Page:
Universal storage system
Kind Code:

The Universal Storage System is an L-Shaped unit with a vertical divider which fits into the shaft.

The removable divider is irregular in shape and angular to fit into the chair shaped cavity at the rear of the unit, where its purpose is to separate the contents.

There are also two (2) hinged lids, one (1) that covers the loading area located at the top of the unit and one (1) that covers the dispensing area which is located on the “seat” part of the unit.

The overall height of the unit is 22″ in length×13″ in width with four 6″ long legs that evenly support the unit and can be removed for wall mounting.

The L-shaped frontal view of the unit measures 13″ in width by 16½″ in length and extends outward 6″ in depth and then downwards an additional 5½″ (like a small straight back chair).

Brice, Tamani Ethel (Stockton, CA, US)
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International Classes:
A47K10/22; A47J47/16; (IPC1-7): B65H19/00
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Primary Examiner:
Attorney, Agent or Firm:
Tamani Ethel Brice (Stockton, CA, US)
1. I claim that the UJniversal Storage System is patentable because athough there arce other patented units offering similar fuictions, the Universal Storage System is tie only one with a removable divider that allows it to hold items of vD sizes. As a result, it is aot content specific and can be used in many ways. The unit can be used in the batroom area for storing toilet paper or in the kitchen for string paper towels, canned goods and related items which can be released in pais or individually if the divider is removed. The unit is shaped like a high-back chair which adds to the decorative appeal and multi-fiction capabilities. The unit can be constructed out of wood, laminate or acrylic and secured with standard screws and hinges. Although there are several units under patent of similar design an&dor imction, most are use and content specific. None have been created in the form of a decorative accessory that is unlimited in use. My goal is to market the Oroto-type to manufacturersidistributors for display and sale in stores like Target, K-Mart, as well as through mail-order outlets with similar product lines. I will also collaborate with new home developers to have the units installed as a featured accessory/fixture in newly-constructed homes.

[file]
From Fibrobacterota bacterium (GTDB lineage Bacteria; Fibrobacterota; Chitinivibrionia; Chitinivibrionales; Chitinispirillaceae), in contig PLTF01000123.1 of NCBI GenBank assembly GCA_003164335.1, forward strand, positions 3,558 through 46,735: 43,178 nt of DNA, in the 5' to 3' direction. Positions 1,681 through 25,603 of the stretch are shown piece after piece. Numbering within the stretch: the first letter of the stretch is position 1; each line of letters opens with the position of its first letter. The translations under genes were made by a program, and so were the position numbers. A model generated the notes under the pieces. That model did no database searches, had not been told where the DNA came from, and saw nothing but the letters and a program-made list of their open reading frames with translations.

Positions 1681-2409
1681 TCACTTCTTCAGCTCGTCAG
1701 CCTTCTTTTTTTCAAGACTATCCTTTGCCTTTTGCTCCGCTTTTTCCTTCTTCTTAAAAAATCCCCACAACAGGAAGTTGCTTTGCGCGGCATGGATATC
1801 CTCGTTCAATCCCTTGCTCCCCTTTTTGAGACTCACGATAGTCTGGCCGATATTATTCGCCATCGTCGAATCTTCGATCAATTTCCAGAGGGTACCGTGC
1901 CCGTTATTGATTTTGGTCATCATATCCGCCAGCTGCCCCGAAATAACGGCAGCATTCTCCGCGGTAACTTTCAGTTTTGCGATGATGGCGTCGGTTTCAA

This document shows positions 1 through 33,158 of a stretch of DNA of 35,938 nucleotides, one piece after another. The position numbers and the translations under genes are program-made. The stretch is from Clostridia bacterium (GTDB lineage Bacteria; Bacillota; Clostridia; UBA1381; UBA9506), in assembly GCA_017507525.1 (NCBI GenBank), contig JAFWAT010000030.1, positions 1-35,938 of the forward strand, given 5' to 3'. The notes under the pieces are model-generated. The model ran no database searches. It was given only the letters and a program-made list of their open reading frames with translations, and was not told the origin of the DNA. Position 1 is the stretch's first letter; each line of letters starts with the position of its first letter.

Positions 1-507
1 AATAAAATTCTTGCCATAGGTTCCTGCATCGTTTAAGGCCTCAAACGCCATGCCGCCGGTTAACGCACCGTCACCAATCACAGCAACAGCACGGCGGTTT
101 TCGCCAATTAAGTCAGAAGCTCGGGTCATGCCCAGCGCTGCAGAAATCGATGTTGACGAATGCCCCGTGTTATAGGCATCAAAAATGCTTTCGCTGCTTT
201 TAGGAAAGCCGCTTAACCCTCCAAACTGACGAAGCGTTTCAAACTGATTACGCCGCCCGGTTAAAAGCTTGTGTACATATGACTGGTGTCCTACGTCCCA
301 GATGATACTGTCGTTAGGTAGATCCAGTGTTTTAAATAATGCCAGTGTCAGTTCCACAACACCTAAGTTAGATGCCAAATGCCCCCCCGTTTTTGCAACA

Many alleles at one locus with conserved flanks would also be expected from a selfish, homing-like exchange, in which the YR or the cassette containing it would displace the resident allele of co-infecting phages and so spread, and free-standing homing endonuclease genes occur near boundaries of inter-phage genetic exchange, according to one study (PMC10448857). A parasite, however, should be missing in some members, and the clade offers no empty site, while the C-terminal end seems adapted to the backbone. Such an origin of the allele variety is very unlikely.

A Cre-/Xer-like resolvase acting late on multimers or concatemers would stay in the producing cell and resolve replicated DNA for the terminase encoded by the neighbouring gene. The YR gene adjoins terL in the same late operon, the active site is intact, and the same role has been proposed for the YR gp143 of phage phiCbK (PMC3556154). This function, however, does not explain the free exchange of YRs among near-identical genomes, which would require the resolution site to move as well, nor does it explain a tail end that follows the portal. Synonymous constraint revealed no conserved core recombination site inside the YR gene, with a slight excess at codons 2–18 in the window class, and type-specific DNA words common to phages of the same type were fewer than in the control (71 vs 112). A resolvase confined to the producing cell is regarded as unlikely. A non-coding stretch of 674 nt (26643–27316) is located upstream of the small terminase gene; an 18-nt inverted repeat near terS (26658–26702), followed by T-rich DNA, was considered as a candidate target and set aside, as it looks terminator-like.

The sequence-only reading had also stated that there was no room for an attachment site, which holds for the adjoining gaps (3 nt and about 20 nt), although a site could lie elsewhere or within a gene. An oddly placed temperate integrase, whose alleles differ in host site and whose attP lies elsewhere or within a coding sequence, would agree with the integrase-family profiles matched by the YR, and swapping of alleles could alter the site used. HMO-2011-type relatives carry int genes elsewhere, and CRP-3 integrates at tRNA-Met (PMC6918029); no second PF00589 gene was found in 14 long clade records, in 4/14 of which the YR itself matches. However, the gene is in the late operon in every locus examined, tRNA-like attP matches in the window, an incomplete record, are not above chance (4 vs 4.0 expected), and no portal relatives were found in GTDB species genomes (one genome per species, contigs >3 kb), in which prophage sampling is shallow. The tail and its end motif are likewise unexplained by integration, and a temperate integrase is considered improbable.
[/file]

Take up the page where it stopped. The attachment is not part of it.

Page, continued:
[0001] There are several units under patent of similar design and/or function but most are use and content specific. None have been created in the form of a decorative accessory that is unlimited in use. An assortment of decorative materials can be used in its design, including, wood, laminate and acrylic. My goal is to collaborate with developers and have the units installed as an accessory/fixture in newly-constructed homes.


[0002] The Universal Storage System is an L-shaped dispenser with a vertical divider in the shaft which separates it into 2 dispensing sections enabling the storage and release of dual items. The unit is designed to stand free style or mounted in the bathroom or kitchen and to store everything from toilet paper to canned sodas and fruit. The lower horizontal area of retrieval is covered with a hinged lid which exposes access to the contents. Multiple items can be are stored in the shaft of the unit and released one time at a time on a vertical path.